Insane question. Could anyone who had lived through the war forget it? A handful of people tried to commit humanicide. They had nearly succeeded. She had, through sheer luck, managed to survive—only to be captured by heaven knew who and imprisoned. She had offered to answer their questions if they let her out of her cubicle. They refused.
She offered to trade her answers for theirs: Who were they? Why did they hold her? Where was she? Answer for answer. Again, they refused.
So she refused them, gave them no answers, ignored the tests, physical and mental, that they tried to put her through. She did not know what they would do to her. She was terrified that she would be hurt, punished. But she felt she had to risk bargaining, try to gain something, and her only currency was cooperation.
They neither punished her nor bargained. They simply ceased to talk to her.
Food continued to appear mysteriously when she napped. Water still flowed from the bathroom faucets. The light still shone. But beyond that, there was nothing, no one, no sound unless she made it, no object with which to amuse herself. There were only her bed and table platforms. These would not come up from the floor, no matter how she abused them. Stains quickly faded and vanished from their surfaces. She spent hours vainly trying to solve the problem of how she might destroy them. This was one of the activities that helped keep her relatively sane. Another was trying to reach the ceiling. Nothing she could stand on put her within leaping distance of it. Experimentally, she threw a bowl of food—her best available weapon—at it. The food spattered against it, telling her it was solid, not some kind of projection or mirror trick. But it might not be as thick as the walls. It might even be glass or thin plastic.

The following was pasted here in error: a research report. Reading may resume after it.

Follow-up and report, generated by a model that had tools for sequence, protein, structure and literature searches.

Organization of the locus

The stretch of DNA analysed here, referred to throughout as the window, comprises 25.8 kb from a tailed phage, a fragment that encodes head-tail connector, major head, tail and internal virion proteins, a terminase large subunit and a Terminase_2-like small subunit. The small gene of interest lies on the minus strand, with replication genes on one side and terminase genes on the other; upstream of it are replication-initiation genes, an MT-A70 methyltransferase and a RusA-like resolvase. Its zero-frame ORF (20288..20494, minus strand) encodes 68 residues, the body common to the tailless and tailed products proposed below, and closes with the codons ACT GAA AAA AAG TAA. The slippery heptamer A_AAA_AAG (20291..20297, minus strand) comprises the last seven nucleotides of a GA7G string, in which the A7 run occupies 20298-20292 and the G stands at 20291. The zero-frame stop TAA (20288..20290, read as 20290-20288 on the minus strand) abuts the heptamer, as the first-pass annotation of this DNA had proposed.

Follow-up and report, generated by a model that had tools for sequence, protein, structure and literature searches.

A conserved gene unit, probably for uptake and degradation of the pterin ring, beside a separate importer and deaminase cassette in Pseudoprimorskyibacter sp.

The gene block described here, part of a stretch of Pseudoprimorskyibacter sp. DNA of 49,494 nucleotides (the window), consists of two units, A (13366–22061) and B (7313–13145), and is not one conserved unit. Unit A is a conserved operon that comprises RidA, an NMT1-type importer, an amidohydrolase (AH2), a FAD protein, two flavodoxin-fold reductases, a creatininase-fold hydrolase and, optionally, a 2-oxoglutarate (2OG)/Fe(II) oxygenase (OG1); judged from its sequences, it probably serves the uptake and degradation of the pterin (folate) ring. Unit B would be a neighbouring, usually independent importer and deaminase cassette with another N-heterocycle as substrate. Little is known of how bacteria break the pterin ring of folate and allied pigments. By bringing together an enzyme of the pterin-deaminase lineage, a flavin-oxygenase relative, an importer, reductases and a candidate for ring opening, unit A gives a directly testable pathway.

She never found out.
She worked out a whole series of physical exercises and would have done them daily if she had had any way of distinguishing one day from the next or day from night. As it was, she did them after each of her longer naps.
She slept a lot and was grateful to her body for responding to her alternating moods of fear and boredom by dozing frequently. The small, painless awakenings from these naps eventually began to disappoint her as much as had the greater Awakening.
The greater Awakening from what? Drugged sleep? What else could it be? She had not been injured in the war; had not requested or needed medical care. Yet here she was.
She sang songs and remembered books she had read, movies and television shows she had seen, family stories she had heard, bits of her own life that had seemed so ordinary while she was free to live it. She made up stories and argued both sides of questions she had once been passionate about, anything!